The imminent visit to Australia by New York City Schools Chancellor and prospective US Secretary of Education, Joel Klein, puts his education policies in the spotlight. Federal Education Minister, Julia Gillard, has been spruiking them ever since her visit to New York last August.
Gillard says that Klein’s reforms to the New York City public school system are “working” and have produced “remarkable outcomes”. She says that there has been continual improvement in student achievement in New York City under Klein.
However, these assertions are refuted by test results in reading and mathematics. National tests show that average student achievement in New York City schools has stagnated while state tests show a mixture of increases and declines, with no consistent pattern of improvement.
The National Assessment of Education Progress tests conducted by the US Department of Education show no statistically significant change in average student scores for reading in Grades 4 and 8 between 2003 and 2007 in New York City. They show a small improvement in Grade 4 mathematics but no improvement in Grade 8.
They also show that there was no improvement in average reading scores for low income, Black and Hispanic students in either Grade 4 or 8. There were small improvements in average mathematics scores in Grade 4 for low income, Black and Hispanic students. In Grade 8 mathematics there was no improvement for Black and Hispanic students, but a slight improvement for low income students.
Scores for New York City students on the New York State tests are just as unconvincing. Average scores for English across Grades 3-8 show a mixture of increases and declines between 2003 and 2008. For example, average Grade 3 scores increased significantly while average Grade 8 scores declined substantially. Small increases occurred in Grades 4 and 5 while Grade 5 and 6 scores declined slightly.
Large improvements in average scores occurred in mathematics in Grades 3, 4 and 5 between 2003 and 2007 while there was a large decline in Grade 8. There was a small decline in Grade 7 and no change for Grade 6.
There is also little evidence of any improvement compared to the previous four years, as there was a similar pattern of increases and decreases from 1999 to 2003 and from 2003 to 2007/8.
Most experts agree that the state tests are less reliable than the national tests. For example, the state tests do not report measurement errors. This makes it difficult to determine whether results are statistically different over given periods or between different groups of students. Experts have also suggested that the state tests are too easy.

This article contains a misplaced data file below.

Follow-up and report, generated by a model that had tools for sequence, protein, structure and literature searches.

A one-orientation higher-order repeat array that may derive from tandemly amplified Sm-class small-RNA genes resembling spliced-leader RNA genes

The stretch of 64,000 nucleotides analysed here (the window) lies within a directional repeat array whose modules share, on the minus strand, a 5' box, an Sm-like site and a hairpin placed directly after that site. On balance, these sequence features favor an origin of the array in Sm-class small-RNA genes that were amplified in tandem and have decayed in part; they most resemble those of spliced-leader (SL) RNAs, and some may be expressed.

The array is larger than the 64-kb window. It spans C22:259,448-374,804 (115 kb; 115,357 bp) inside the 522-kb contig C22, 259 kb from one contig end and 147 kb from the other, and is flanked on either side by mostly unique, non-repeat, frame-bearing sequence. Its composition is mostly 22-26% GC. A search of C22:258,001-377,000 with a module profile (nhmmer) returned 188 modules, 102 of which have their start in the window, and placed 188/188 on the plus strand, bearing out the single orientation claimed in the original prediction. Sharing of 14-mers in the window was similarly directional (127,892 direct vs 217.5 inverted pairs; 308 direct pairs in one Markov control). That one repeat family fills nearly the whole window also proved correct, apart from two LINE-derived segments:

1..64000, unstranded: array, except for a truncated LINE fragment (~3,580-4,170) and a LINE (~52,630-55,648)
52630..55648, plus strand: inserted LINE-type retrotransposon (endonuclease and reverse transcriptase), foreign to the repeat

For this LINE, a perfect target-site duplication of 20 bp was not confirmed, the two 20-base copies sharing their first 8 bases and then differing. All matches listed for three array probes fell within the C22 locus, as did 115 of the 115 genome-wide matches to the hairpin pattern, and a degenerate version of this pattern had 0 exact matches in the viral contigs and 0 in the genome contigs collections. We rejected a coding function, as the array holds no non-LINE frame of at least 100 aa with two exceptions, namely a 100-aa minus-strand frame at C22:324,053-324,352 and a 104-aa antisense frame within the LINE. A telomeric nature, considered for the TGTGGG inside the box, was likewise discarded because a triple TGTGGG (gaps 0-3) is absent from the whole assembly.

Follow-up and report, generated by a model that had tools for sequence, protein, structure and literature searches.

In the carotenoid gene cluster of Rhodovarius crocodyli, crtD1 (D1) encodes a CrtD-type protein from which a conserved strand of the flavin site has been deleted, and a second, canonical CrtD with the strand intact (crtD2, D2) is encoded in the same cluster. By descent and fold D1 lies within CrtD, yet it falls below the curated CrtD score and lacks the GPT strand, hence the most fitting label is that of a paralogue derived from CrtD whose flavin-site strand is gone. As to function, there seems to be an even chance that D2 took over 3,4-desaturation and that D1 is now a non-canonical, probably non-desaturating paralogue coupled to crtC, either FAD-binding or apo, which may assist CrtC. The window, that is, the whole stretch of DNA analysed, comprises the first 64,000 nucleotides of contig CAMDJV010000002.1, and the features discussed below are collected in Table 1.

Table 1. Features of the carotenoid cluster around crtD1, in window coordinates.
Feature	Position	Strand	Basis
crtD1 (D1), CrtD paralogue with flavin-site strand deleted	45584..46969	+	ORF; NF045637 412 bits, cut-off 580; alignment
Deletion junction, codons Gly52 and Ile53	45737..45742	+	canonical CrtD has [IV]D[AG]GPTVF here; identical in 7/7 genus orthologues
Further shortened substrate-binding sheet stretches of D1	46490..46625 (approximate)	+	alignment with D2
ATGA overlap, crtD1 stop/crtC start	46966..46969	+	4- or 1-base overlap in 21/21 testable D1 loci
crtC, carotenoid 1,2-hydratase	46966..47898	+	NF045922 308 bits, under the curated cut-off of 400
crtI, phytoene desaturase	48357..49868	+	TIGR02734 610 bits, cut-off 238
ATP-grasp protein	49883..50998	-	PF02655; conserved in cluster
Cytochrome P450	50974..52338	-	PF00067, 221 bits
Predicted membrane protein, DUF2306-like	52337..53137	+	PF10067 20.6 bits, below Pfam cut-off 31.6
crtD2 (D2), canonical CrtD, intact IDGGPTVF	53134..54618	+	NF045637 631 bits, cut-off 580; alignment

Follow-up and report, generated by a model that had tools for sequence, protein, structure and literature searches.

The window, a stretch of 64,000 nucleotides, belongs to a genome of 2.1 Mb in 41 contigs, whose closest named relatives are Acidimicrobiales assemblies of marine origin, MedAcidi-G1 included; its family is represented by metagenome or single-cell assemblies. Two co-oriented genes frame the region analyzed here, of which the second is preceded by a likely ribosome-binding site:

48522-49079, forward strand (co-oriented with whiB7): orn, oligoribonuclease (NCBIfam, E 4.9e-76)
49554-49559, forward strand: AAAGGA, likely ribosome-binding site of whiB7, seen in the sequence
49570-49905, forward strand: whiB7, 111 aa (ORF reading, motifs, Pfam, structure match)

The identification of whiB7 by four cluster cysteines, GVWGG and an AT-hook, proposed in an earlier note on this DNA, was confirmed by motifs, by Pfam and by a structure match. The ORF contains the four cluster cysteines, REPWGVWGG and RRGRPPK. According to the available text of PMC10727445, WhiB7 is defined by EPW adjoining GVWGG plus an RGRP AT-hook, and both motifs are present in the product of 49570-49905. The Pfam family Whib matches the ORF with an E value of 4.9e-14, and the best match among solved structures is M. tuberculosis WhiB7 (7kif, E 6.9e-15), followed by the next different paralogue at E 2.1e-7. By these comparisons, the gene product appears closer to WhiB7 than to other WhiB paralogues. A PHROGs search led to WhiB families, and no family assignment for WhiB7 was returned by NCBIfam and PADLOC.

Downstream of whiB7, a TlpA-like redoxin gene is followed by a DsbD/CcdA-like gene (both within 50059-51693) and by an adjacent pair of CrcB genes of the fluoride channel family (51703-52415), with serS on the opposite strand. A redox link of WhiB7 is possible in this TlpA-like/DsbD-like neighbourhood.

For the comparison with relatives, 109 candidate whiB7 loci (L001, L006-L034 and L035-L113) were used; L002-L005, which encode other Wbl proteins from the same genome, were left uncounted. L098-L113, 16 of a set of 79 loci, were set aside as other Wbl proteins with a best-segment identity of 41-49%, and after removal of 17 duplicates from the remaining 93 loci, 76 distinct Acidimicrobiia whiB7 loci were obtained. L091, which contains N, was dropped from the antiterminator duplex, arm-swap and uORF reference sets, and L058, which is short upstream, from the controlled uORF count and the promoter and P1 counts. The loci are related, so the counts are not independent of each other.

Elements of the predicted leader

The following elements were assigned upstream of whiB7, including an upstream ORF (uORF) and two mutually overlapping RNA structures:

Claims that the achievement gaps between Black and White students, Hispanic and White students and low income and other students have narrowed in New York City since 2003 are also incorrect. They have remained as large as ever under Klein according to both national and state tests.
National tests show no reduction in the difference in average scores between Black and White students, Hispanic and White students and between low income and other students in reading and mathematics in Grades 4 and 8 between 2003 and 2007. There was also no change in these achievement gaps for 2003 Grade 4 students who reached Grade 8 in 2007.
The State tests show a number of small increases and declines in the achievement gaps for reading and mathematics between Black and White students and between Hispanic and White students from 2003 to 2007/8.
Chancellor Klein resorts to several artifices to claim that student achievement has increased and achievement gaps have narrowed.
He often uses the 2002 results as the comparison benchmark instead of 2003. The 2003 tests were conducted 6 months prior to the implementation of his reforms, so this is the appropriate comparison point. Using 2002 exaggerates the impact of the reforms because there were significant increases in student achievement from 2002 to 2003, but this was well before Klein’s changes were made.
Klein refuses to report the margins of statistical error on test results. He dismisses the importance of reporting statistical error in testing as “playing something of a game”.
For example, the New York City Education Department has re-produced the results of the national tests in a special publication to claim significant improvements in student achievement. However, it failed to follow the national practice of reporting the margin of errors and ignored the fact that the results for 2007 are mostly statistically indistinguishable from those of 2003.
The fact is that New York City has very little to offer Australia in the way of education reform. Student achievement in Australia is amongst the highest in the world and far exceeds that of New York.
Australia should be looking to overseas practice to help address its major challenge – reducing the large achievement gap between students from low and high income families. It should look to Finland, which not only has the highest outcomes in the world according to OECD tests but also one of the smallest achievement gaps.
Julia Gillard would have done better to invite Dr. Sakari Karjalainen, Director-General of Finland’s Ministry of Education, to advise on effective polices to improve equity in education rather than someone whose policies have been shown to be ineffective.